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Little Remains of Brickell Hammock PDF Print E-mail
Written by Janet Goodman, BT Contributor   
March 2019

Simpson Park is a time capsule of early Miami

MParkPatrol_1arjory Stoneman Douglas wrote high praise for pioneer naturalist Charles Torrey Simpson: “No one knew better than he the history of the plants and animals of South Florida.”

Simpson came to Florida in 1902, after working as a conchologist for the Smithsonian Institution and the National Museum of Natural History. He went on to become a botanist, writing books about tropical plants, and became recognized as a conservationist. His backyard near Biscayne Bay in Lemon City was a tropical hardwood hammock, part of the unique old-growth forest that had covered much of South Florida from the bay to the Everglades. He advocated for a national park in the Everglades and promoted local garden clubs.

“The Sage of Biscayne Bay” lived here during Miami’s development and foretold the destruction of our natural environment. All that’s left of the once vast Brickell Hammock can be found in only few spots: the Barnacle in Coconut Grove, Virginia Key, Alice Wainwright Park, and Simpson Park Hammock in Brickell, named for the naturalist in 1927.

Originally called Jungle Park, Simpson Park’s first 5.6 acres were donated to the City of Miami by Mary Brickell in 1913 at the urging of Simpson. Eight years after his death in 1932, additional acres of nearby hammock were added, for a total of 7.8 acres.

ParkPatrol_2In 1941 the Charles Torrey Simpson Memorial Garden Center was built with local oolitic limestone and Dade County pine at the park’s main entrance, at 55 SW 17th Rd. This community center is where several local garden and flower clubs meet: the Shenandoah Garden Club, the Dadeland Garden Club, the International Flowers Club, and the Miami Flower and Garden Club -- the group led by Simpson decades earlier.

Visitors stroll through this time capsule of Miami’s settler beginnings seven days a week, 8:00 a.m. to 5:00 p.m. (the east park entrance gate closes at 4:00 p.m.). Located amid high-rises in Brickell, the park is an oasis where one can escape from the city bustle. Free parking and free walking tours with a city naturalist are available.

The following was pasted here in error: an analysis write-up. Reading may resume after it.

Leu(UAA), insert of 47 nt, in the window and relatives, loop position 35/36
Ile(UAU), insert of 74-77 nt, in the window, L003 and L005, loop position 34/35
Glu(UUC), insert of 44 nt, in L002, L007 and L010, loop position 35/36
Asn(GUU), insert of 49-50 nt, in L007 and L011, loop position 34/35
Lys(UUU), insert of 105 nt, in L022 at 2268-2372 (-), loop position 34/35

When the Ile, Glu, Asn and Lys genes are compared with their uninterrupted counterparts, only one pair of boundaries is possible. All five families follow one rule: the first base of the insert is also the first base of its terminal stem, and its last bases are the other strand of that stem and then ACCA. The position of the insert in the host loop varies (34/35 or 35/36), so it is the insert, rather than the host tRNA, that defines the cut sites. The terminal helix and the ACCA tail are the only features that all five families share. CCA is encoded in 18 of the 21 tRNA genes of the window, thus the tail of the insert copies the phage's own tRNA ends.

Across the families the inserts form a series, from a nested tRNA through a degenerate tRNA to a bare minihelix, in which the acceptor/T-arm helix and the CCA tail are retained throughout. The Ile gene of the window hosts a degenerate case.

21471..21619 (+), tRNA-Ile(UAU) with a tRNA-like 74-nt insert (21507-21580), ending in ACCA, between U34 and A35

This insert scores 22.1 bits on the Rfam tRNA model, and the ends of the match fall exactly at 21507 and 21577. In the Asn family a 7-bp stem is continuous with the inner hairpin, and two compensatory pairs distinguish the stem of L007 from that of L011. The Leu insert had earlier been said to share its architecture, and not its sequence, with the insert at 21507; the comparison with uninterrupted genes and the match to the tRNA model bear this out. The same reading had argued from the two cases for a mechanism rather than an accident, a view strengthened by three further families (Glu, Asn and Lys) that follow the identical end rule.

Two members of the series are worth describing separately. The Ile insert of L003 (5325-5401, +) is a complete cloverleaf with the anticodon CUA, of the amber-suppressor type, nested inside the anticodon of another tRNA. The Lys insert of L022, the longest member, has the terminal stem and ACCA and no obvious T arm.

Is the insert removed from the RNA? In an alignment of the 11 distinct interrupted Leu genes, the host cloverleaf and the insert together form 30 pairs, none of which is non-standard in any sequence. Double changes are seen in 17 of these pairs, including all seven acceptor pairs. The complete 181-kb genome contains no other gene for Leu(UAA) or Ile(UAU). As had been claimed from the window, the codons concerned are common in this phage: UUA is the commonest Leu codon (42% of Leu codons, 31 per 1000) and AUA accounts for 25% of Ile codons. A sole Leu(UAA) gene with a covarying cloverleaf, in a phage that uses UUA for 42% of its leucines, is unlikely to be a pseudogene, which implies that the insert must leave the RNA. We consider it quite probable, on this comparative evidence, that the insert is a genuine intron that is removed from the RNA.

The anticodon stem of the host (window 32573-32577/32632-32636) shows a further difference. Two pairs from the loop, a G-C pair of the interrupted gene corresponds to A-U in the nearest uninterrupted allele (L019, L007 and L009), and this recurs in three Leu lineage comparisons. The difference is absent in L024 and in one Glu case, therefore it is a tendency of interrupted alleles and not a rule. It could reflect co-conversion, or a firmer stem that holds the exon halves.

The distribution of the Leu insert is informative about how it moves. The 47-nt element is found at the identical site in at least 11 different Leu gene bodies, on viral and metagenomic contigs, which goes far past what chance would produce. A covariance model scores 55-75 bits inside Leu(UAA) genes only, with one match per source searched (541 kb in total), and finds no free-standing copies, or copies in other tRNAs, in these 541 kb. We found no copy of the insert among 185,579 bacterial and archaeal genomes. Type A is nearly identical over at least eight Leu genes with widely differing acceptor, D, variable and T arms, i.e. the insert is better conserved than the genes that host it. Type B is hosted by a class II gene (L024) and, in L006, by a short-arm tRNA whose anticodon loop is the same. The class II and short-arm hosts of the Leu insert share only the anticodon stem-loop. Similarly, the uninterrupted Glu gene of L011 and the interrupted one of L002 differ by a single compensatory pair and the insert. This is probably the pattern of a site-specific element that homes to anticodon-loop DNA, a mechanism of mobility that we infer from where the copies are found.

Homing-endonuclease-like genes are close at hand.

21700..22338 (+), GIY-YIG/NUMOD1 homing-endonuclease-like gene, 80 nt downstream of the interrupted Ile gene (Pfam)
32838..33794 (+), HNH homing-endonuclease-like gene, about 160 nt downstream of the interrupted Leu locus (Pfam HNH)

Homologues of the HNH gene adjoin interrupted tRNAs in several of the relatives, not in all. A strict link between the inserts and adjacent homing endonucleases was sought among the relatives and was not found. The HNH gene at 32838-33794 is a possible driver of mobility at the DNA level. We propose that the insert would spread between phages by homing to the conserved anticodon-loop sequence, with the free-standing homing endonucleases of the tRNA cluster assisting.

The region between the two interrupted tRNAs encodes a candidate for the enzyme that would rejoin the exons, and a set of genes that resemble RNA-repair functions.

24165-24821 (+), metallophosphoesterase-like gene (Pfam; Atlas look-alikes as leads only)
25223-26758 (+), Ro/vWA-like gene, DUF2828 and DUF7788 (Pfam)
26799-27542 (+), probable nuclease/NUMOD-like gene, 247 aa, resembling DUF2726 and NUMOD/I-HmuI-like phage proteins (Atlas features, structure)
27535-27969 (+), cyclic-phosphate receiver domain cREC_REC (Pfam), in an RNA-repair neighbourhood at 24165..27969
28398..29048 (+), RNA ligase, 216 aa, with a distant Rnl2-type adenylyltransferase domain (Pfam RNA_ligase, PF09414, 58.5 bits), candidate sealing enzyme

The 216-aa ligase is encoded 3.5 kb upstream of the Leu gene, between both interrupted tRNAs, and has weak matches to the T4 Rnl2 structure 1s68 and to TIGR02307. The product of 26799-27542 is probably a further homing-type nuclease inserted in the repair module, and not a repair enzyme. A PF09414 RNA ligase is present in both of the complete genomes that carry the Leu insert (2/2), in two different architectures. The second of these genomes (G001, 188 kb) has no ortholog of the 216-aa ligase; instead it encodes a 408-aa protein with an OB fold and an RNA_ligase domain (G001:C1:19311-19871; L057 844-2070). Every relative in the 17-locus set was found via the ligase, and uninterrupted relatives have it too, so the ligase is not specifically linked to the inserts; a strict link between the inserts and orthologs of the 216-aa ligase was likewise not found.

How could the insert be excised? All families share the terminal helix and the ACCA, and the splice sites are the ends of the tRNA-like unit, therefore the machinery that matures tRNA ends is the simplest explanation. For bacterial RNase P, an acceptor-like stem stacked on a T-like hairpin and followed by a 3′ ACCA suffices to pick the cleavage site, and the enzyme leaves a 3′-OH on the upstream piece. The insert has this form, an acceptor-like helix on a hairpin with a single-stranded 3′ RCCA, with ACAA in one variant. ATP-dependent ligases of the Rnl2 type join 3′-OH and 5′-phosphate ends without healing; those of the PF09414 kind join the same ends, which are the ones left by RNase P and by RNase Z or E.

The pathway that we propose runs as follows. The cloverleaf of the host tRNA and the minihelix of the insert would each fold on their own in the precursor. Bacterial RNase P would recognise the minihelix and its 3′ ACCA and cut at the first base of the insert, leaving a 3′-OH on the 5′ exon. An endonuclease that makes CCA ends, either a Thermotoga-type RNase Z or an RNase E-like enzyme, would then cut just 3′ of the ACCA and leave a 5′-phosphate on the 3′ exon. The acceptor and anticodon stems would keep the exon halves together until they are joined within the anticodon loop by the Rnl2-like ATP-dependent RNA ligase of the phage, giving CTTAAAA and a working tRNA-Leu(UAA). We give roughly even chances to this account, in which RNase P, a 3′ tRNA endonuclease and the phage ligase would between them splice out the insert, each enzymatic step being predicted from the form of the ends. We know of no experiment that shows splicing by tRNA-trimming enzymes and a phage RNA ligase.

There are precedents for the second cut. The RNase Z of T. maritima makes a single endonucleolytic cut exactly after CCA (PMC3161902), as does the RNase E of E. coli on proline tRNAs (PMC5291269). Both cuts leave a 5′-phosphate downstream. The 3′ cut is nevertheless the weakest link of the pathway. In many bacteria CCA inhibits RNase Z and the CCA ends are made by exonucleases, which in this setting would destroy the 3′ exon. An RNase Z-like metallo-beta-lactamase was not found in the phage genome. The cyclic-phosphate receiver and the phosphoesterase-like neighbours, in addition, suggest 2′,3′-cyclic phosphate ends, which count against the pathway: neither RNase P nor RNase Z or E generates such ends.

Dade Heritage Trust (DHT) holds occasional staff meetings at the garden center. The non-profit’s executive director, Christine Rupp, tells the BT: “We’re hoping to expand our full educational program at Simpson Park, but we’ll be offering field trips there for kids through the summer.”

Rupp considers this historic park a favorite destination for DHT bike tours: “It’s a gem that’s hidden there. I think people probably walk or drive past and they don’t even know what’s inside,” she says. “Part of what DHT is doing with our bike tours is trying to expose people to different districts in Miami.”

ParkPatrol_3And for the urban community of Brickell, Simpson Park certainly provides something different.

According to the park’s brochure, there are 162 plant species at Simpson Park, including 96 natives; 15 of the plant species are endangered and 9 are threatened. Names of these plants in trouble invoke a bygone era: yellow boxwood, wild cinnamon, strongbark, silver palm, and coffee colubrina. Simpson stopper, Spanish stopper, and the endangered redberry stopper are “stoppers” because Native Americans discovered that a tea made from these plants stops diarrhea.